So much of life seems to be about balance, in finding the middle ground between two opposing extremes. Rarely is it good for us to go to one extreme at the expense of its opposite. In Buddhism they call it ‘The Middle Way’, and it’s the route we must to take to reach enlightenment (not that I would know much about that).
It isn’t healthy for us to be on our own all the time, nor to be constantly surrounded by lots of people, but rather to find something in between. Both planning and spontaneity have their place, but one without any of the other is unlikely to make someone happy. In Buddhism they say that we should neither completely indulge ourselves in pleasures, nor should we neglect our needs. Come to think of it, I have a feeling I even wrote about this somewhere a little while ago.
What does it have to do with chronic fatigue?
A little while back, when I was a wee university student something unexpectedly clicked one year, and entirely transformed my trajectory. I was given a book written by a crazy and brilliant man called Alastair Humphreys. Alastair decided that he was going to be the first man to cycle round the entire planet. Well, he did it, and then he wrote a number of books about it – including one reflecting on what he had learned from those four years on the bike, which is the book I was given. I was inspired not so much by his feat (I love cycling, but not that much) but by his attitude. There was an unspoken theme to his words, which is that life is short, and that we shouldn’t allow fear to come between us and our dreams of living life to the fullest. Emblazoned across the front of the book was his motto: ‘Got a dream? Live it.’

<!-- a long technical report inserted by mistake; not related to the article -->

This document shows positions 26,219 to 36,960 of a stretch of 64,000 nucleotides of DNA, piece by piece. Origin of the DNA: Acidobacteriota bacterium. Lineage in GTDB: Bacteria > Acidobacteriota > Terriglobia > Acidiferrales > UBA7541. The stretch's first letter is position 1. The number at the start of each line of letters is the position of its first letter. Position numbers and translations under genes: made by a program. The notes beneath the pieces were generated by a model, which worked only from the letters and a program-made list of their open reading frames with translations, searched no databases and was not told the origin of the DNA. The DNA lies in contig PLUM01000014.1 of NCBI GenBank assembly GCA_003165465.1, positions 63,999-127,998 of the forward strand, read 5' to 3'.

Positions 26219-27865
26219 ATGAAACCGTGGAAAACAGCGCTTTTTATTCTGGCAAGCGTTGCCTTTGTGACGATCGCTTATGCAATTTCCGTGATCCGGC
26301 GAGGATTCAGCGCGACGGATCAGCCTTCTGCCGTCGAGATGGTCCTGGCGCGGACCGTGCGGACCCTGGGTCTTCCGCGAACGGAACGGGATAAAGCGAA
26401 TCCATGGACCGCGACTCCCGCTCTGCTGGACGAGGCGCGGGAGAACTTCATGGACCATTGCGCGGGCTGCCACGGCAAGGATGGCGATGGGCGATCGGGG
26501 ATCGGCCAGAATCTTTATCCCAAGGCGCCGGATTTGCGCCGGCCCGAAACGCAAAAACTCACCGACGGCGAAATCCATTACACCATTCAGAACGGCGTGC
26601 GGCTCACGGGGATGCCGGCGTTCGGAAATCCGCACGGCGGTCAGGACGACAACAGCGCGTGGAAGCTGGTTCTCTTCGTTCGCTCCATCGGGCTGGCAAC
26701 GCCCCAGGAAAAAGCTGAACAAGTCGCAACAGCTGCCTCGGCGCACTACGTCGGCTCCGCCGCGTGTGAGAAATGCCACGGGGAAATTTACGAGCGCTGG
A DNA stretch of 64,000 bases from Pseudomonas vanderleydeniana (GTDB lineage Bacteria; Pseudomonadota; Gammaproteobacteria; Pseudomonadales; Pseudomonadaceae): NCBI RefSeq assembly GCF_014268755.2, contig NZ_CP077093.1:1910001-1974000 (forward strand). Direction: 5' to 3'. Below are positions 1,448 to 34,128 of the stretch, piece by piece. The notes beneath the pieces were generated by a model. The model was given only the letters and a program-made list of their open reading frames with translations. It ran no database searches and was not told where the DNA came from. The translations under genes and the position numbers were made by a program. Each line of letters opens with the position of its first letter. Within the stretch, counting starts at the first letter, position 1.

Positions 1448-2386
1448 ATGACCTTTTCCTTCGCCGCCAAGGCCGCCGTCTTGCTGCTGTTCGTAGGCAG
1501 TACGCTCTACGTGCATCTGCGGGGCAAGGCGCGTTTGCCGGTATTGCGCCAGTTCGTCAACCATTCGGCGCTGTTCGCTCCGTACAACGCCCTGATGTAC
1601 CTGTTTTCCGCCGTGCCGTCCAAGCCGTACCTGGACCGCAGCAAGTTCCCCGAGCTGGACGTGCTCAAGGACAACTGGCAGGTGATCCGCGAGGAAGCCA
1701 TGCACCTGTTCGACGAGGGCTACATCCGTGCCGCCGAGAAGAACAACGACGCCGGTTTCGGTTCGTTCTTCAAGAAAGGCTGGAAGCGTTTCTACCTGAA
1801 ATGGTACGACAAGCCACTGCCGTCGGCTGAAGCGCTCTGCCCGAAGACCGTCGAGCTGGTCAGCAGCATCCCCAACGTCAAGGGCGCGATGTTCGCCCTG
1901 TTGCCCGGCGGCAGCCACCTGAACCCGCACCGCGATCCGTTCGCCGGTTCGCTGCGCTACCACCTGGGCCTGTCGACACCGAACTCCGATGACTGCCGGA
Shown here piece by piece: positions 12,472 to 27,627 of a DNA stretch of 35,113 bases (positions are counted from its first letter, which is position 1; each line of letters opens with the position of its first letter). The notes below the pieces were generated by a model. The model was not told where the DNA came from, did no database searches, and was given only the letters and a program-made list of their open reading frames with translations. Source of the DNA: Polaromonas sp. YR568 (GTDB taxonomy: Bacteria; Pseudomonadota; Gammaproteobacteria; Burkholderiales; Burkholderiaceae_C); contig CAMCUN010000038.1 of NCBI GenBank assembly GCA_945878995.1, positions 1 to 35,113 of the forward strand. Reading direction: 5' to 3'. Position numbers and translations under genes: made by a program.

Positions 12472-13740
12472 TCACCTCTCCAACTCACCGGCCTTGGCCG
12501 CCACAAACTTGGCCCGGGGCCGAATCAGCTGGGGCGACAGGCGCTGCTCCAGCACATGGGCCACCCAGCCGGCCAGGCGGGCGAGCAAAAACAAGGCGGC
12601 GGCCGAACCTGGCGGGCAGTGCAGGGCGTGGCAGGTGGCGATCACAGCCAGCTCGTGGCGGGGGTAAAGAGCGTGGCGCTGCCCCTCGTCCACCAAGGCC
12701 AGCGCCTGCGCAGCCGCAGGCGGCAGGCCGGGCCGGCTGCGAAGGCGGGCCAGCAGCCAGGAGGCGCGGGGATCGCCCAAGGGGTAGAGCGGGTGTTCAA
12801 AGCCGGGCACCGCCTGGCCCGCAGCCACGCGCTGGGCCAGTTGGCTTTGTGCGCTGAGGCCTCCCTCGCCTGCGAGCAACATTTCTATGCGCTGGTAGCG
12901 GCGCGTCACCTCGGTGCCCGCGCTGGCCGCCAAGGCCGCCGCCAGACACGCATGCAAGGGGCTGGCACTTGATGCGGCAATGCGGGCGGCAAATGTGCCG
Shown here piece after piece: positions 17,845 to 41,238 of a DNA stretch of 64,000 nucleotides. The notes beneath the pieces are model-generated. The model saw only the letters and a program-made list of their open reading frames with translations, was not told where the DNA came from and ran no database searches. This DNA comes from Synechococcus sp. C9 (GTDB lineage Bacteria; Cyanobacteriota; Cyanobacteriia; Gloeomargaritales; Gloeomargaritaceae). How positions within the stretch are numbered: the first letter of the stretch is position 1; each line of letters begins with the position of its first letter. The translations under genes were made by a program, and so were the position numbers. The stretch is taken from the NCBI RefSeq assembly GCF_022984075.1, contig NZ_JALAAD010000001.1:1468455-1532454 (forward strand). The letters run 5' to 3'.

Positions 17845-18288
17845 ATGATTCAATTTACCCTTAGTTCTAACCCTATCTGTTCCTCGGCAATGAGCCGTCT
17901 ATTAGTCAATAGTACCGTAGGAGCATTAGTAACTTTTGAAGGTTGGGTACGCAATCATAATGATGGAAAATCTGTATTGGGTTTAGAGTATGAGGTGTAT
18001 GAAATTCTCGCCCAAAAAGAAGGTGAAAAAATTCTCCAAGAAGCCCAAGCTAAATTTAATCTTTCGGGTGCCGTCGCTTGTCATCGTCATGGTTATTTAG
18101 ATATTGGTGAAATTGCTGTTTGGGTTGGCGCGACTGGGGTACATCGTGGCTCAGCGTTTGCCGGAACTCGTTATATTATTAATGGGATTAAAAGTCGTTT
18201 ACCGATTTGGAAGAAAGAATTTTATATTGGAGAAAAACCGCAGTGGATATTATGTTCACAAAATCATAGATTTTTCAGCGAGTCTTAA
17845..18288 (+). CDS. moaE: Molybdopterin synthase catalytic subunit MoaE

I think at that point I decided I was going to go travelling and live abroad (dreams I’d had for a long while), and also to grasp any other opportunities that came my way, even – and especially – if it meant confronting fears. Long story short, those next eighteen months as a student (and the professional years that followed when I graduated, including the time out travelling) blew me away. I had no idea life could be so rich, that I could experience so much and connect with people so deeply. I would wake up almost every day excited about what was to come, which I didn’t even know was possible, and I was living my dreams. The high was indescribable and I flourished in both my personal and professional life. I largely put this down to this go-getter attitude that I had adopted.